A day in a neighborhood cafe can turn into an episode of "Dennis the Menace." We've come a long way from the radicalized cafes of 18th century England, where Charles II actually tried to ban coffee shops as hotbeds of disaffected anarchists. American cafes today are hotbeds of yoga moms and their caravans of massive strollers. You can add screaming tykes to the list of potential barista stresses, and you likely won't last long if you can't re-stock a condiment bar properly while getting ankle-rammed by a Big Wheel trike.
Urban coffee shops provide a haven for the homeless. Where else can you pay $2 for a beverage and relax in an air-conditioned environment for hours? Especially in downtown areas, all coffee shops harbor a revolving cast of homeless regulars that fall beneath the radar of the average customer's upturned nose. While nine-tenths of the homeless I've met are normal, decent people with poor luck, a barista can find themselves in some harrowing situations when they run into that other ten percent.
At my first coffee shop position in the financial district of Chicago, for example, a homeless regular wearing half a tattered ski mask, Phantom Of The Opera-style, once spat in my face when my manager assigned me to remove him from the store. Earlier that same day, an elderly woman had accused me of plagiarizing her great unpublished novel when she couldn't pay for a banana. I considered pointing out that her novel couldn't have been that great if I still wound up working a cash register after I ripped it off, but I thought better of it and simply promised I'd never do it again.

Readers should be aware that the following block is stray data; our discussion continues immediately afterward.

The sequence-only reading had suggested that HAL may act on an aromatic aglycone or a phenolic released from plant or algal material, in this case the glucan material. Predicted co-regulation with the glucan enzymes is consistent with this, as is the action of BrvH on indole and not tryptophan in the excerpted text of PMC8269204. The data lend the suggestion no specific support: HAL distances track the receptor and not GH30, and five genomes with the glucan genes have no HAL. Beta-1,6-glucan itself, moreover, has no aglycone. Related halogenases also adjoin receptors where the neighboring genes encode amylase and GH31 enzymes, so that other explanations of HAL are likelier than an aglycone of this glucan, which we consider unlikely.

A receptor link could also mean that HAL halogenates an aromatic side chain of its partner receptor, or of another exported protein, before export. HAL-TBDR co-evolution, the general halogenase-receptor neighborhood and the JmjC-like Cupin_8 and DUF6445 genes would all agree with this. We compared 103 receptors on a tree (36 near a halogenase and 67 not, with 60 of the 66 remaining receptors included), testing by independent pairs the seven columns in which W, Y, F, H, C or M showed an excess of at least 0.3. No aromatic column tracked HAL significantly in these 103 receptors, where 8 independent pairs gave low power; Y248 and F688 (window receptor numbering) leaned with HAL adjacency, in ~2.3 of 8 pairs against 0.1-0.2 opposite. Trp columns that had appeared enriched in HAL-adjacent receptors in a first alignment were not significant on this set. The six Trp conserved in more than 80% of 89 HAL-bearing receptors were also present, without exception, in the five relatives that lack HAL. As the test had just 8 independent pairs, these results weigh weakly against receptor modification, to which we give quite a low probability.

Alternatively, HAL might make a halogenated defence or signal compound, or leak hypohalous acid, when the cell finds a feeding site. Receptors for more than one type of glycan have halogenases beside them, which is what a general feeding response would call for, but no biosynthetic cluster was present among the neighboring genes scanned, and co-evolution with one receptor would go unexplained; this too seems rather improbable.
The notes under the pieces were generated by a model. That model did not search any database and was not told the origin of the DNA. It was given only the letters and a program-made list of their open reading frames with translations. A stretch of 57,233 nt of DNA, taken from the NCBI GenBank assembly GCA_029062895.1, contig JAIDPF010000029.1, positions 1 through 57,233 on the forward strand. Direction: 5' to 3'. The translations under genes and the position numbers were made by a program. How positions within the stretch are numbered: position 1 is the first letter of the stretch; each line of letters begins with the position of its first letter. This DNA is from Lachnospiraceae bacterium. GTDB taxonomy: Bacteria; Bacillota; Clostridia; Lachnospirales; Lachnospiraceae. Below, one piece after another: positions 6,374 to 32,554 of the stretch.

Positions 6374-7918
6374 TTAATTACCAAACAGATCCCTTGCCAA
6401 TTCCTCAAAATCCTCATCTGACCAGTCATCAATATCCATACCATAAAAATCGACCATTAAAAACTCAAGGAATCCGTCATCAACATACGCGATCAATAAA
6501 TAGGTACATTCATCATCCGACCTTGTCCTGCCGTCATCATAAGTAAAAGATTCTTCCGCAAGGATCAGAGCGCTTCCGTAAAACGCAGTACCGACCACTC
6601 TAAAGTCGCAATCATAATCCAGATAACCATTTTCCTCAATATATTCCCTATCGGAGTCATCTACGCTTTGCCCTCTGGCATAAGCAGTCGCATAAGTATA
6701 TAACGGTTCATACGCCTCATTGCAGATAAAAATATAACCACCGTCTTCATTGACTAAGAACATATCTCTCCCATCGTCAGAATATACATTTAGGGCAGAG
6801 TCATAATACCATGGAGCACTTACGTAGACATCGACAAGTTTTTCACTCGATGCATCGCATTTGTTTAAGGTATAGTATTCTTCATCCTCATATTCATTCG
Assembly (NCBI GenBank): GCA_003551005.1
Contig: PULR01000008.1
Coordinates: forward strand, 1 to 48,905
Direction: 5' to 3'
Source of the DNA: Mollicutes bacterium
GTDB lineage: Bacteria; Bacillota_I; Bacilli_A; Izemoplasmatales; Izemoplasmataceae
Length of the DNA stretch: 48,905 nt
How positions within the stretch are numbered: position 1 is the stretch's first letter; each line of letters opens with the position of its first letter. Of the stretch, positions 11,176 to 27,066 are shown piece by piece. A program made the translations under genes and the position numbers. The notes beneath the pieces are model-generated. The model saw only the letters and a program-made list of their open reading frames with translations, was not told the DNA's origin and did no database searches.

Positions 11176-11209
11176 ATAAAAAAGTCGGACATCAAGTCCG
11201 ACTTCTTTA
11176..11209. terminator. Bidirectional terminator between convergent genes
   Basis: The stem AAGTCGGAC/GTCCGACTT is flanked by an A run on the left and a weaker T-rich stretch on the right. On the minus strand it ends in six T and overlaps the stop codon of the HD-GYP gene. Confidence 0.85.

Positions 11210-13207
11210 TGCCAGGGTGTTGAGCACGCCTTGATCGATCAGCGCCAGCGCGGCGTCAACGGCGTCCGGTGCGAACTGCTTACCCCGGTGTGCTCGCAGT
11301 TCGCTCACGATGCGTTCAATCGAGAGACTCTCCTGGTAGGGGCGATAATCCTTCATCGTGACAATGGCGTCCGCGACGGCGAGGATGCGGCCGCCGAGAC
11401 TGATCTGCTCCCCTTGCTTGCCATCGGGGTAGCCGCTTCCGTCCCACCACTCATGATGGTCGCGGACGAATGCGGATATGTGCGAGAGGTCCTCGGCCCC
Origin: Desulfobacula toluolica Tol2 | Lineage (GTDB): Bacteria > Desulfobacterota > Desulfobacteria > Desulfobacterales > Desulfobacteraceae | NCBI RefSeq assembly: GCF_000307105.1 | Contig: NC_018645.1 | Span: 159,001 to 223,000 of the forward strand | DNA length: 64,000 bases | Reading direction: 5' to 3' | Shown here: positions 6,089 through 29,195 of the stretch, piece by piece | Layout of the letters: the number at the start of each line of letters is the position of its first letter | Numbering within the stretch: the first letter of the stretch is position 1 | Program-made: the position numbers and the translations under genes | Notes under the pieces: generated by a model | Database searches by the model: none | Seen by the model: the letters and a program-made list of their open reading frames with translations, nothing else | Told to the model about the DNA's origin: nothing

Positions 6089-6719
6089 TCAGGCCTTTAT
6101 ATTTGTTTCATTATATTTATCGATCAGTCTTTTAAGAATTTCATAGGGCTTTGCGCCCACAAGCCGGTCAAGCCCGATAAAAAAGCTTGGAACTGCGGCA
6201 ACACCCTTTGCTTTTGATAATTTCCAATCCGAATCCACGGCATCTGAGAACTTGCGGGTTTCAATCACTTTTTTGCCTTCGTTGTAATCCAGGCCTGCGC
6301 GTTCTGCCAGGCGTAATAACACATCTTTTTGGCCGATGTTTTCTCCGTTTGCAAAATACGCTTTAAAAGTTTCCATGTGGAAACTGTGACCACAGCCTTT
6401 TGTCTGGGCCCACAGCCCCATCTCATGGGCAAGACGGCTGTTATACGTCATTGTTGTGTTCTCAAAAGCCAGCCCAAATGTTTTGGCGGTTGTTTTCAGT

The crazy hours will kill your work ethic if you're not careful. Almost every barista I've ever known slings their lattes in service of some other passion or potential career--and almost all of them have had to wrestle with a serious crisis of confidence when the coffee shop seems to subsume all other productive interests at times. I tend to consider myself a freelance writer, but after closing the shop at 10 p.m. and heading in the next morning at 4:30 a.m. for an eight-hour opening shift, it often takes superhuman resolve to write my Money College column instead of oozing into the couch for a "Law & Order" marathon.
Still, even with all those caveats and pitfalls, most baristas (myself included) take an odd sort of pride in the foibles of our day job. The flexible hours bring in a cadre of unique, creative individuals, and, in a coffee shop with the right chemistry, the inevitable shared hardships only strengthen future friendships and professional relationships. For all my gripes with the world of coffee, and my readiness to dive into a real writing career after graduating college, I'd never trade my years as a barista for a cushier college job.
Finally, I'd like to make one professional observation about that CNN article. Most of the proposed health benefits of coffee come from its antioxidant contents, but there's a growing body of research that suggests milk proteins reduce or negate the effectiveness of antioxidants. In other words, you're really only getting these prospective benefits if you're drinking straight-up black coffee--and based on the number of mochas and frappes I'm churning out every day, I have a feeling most coffee shop patrons shouldn't get too geeked about the health benefits of their beverage just yet.
Steven Kent is the Dollar Store Dilettante, a blase lad who knows more about saving a buck and stoking his hipster credentials than all his editors combined. His Money College column runs Sundays; send tips and best MP3s of Pitchfork bands to Steven at email@example.com.
Coffee house confidential: My life in a quintessential college job